Now we've covered the potted history of Virtua Striker releases in very abridged form, let's get down to brass tacks. Cast your mind back to when you first started reading this badly constructed article and you'll recall that I rather brazenly announced that Virtua Striker is not a football game. And that's because it's not. Rather, it is football in the most arcadey format you're ever likely to see...which kinda makes sense given the actual arcade cabinet based origins of the series. Apologies if the constantly backpedaling mess of contradictory meandering is confusing the whole situation here, but I've had a long day and I just need to write something. Anything. And it's turned out to be this. Sorry.

Designed to be played in short sessions, easy on the eye and spectacular almost to a fault, the Virtua Striker games are divisive in the extreme...and Virtua Striker 2 ver 2000.1 for Dreamcast does nothing to upset this particular apple cart. Indeed, I think I'm well within my rights to pompously declare Virtua Striker the Marmite of football games - you'll either absolutely loathe it; or you'll think it is the best thing since sliced bread (and then try to spread it on said staple before ravenously devouring it, you contemptible monster).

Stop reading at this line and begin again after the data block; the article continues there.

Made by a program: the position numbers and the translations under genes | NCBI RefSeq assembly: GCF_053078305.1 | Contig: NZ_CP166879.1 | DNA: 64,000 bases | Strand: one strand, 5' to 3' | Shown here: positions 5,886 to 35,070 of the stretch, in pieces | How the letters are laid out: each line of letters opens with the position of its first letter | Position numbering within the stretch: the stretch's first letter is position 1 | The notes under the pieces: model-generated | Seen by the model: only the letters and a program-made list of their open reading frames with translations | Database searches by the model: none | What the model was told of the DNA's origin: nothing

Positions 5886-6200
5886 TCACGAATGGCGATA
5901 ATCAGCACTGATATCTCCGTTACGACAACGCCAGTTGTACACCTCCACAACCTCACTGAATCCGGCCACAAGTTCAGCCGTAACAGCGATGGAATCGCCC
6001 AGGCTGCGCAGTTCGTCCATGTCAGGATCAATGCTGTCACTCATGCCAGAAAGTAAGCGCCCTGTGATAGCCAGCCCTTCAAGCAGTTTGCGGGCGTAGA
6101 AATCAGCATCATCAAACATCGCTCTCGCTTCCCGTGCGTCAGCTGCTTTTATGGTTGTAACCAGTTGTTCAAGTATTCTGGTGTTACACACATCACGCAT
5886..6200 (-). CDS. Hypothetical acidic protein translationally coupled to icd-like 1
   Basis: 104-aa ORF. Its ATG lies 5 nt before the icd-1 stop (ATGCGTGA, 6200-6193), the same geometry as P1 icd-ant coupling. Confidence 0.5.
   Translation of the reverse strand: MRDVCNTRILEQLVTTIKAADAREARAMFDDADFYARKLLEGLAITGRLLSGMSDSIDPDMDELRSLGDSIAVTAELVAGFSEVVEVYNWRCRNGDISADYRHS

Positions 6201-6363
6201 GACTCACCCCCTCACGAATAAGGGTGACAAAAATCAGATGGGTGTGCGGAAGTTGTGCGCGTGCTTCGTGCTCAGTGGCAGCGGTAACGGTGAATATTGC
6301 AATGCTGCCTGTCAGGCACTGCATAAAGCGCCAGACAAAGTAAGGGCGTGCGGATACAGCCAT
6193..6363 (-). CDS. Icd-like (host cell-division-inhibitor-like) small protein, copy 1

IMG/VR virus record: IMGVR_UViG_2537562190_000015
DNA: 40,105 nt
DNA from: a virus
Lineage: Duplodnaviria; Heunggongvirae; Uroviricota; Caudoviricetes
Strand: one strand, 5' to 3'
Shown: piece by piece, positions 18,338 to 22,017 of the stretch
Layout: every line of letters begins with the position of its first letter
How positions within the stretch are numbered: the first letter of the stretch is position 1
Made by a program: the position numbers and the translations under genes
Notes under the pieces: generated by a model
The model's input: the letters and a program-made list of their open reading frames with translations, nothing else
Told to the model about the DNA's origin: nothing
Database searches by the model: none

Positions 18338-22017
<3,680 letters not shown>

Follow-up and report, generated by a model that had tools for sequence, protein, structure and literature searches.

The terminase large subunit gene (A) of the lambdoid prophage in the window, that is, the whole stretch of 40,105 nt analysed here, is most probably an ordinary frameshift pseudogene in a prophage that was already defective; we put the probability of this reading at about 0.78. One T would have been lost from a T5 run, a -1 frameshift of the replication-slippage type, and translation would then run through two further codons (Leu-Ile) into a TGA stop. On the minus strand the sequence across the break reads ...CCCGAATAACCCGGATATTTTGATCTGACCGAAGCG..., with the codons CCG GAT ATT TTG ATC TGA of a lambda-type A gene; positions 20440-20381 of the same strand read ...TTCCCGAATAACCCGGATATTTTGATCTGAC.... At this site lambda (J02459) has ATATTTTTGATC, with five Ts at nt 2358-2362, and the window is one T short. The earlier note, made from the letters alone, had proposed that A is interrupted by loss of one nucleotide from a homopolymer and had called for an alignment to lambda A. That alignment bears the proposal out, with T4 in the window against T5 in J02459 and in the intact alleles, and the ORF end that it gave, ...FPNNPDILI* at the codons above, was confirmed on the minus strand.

I remember when games magazines of yore would show screens of Virtua Striker, sometimes even going as far as to state that a Sega Saturn port was in production. I would gaze longingly at those chunky-legged polygonal footballers contorted into impossible shapes while toe-poking sharp-edged footballs into bulging nets, and dream of them someday adorning my beloved Saturn. Alas, that dream never became reality, and so my first real taste of Virtua Striker's flavour of footy came when Virtua Striker 2 ver 2000.1 burst onto the PAL Dreamcast in 2000.